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Brian Cashman: Sports' Most Overrated General Manager?

Cashman needs to wake up and smell the daisies.
Cashman needs to wake up and smell the daisies.Stephen Dunn/Getty Images
Anthony LifrieriContributor IJanuary 26, 2011

This winter has exposed cracks in the New York Yankees’ organization.  What was once the proudest and most cohesive unit in baseball has reverted to the days of factions between the New York front office, headed by GM Brian Cashman, and the Tampa brain trust, led by the Brothers Steinbrenner.

The winter was mostly inactive, until the Steinbrenners overruled Cashman in signing Rafael Soriano, a free agent Cashman didn’t want because he wanted to protect the Yankees’ first round draft pick.  Recently, Cashman allowed himself to go on the record suggesting Yankee captain Derek Jeter move to the outfield by the end of Jeter’s contract, igniting a media frenzy in the New York papers.

Numerous sources indicate that Cashman may leave the Yankees organization for a smaller market club when his contract ends after the season.  And to that, Yankee fans should say good riddance.  Brian Cashman has been the most overrated general manager in all of sports for the last ten years.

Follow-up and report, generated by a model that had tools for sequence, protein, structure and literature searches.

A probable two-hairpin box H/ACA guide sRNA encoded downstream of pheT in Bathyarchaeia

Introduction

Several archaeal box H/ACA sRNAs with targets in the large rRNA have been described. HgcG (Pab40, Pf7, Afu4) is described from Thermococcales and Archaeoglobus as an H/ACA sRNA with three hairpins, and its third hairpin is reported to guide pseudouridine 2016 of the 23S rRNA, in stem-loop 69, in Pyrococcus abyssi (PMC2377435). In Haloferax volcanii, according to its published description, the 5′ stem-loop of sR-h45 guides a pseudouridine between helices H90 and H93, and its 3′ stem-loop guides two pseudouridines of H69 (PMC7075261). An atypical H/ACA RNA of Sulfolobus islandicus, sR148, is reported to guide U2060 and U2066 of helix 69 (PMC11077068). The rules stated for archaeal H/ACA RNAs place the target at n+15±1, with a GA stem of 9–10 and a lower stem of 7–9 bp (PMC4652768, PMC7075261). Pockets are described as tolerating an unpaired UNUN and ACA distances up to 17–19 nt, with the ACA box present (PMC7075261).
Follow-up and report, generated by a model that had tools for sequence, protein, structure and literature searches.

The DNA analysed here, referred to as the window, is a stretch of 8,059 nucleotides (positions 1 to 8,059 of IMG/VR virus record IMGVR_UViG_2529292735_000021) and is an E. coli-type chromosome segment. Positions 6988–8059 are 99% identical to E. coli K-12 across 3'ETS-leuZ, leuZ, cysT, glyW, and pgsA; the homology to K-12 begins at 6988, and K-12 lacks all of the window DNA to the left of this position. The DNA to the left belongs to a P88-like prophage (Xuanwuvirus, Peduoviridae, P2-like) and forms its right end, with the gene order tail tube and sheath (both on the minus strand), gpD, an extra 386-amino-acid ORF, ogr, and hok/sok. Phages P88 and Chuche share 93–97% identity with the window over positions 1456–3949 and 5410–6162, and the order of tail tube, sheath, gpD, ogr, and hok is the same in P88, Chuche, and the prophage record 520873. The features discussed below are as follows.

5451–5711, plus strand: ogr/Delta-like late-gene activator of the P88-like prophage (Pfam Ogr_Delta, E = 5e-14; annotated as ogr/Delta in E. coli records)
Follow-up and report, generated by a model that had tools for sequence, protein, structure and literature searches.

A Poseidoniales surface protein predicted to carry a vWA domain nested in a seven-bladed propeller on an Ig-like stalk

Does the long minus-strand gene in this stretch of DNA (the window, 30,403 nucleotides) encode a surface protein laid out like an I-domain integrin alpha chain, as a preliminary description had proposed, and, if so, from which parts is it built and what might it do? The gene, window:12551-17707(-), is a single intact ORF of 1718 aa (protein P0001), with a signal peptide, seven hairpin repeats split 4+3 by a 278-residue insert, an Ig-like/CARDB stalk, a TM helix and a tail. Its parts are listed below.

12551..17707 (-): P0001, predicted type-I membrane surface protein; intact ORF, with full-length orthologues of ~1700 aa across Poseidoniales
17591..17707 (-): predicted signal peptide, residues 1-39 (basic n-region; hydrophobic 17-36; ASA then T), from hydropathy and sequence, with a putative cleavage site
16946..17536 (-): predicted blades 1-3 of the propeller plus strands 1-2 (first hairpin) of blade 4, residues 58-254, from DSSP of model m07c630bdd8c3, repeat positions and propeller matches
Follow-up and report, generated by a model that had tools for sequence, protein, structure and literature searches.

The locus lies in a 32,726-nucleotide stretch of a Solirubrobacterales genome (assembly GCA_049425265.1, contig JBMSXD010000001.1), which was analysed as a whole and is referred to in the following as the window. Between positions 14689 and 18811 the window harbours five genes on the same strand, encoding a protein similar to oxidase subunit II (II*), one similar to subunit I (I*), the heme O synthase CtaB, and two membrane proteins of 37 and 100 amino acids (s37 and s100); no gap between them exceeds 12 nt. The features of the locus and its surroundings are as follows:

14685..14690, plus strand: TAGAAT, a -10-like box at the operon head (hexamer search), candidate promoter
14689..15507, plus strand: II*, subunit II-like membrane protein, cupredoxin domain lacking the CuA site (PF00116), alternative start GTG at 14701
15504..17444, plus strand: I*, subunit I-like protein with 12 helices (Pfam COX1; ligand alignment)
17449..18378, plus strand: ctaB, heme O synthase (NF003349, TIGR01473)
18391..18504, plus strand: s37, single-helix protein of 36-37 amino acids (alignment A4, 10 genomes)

While Cashman has made some good moves over the course of his tenure (trading for Scott Brosius and Chuck Knoblauch in 1998, getting major contributions from Shawn and Aaron Small in 2005), most have been relegated to obscurity (Chili Davis anyone?).

The only reason Cashman has been able to survive for so long was that he was able to win multiple World Series Championships with teams that Gene Michael built.  

His mistakes are further covered up by the Yankees’ huge payroll, which allows the team to eat bad contracts without problems, like Carl Pavano’s in 2004 (who Cashman greatly considered bringing back this offseason) or AJ Burnett’s in 2008, contracts that would devastate other teams.

So, to Brian Cashman I say, "Be careful what you wish for."  Leaving a great gig like the Yankees will be a day you rue for years to come.  Sure, you may get more power with a mid-market club, but you’ll miss the ability to sign any free agent you want, as well as the pomp and circumstance of New York.

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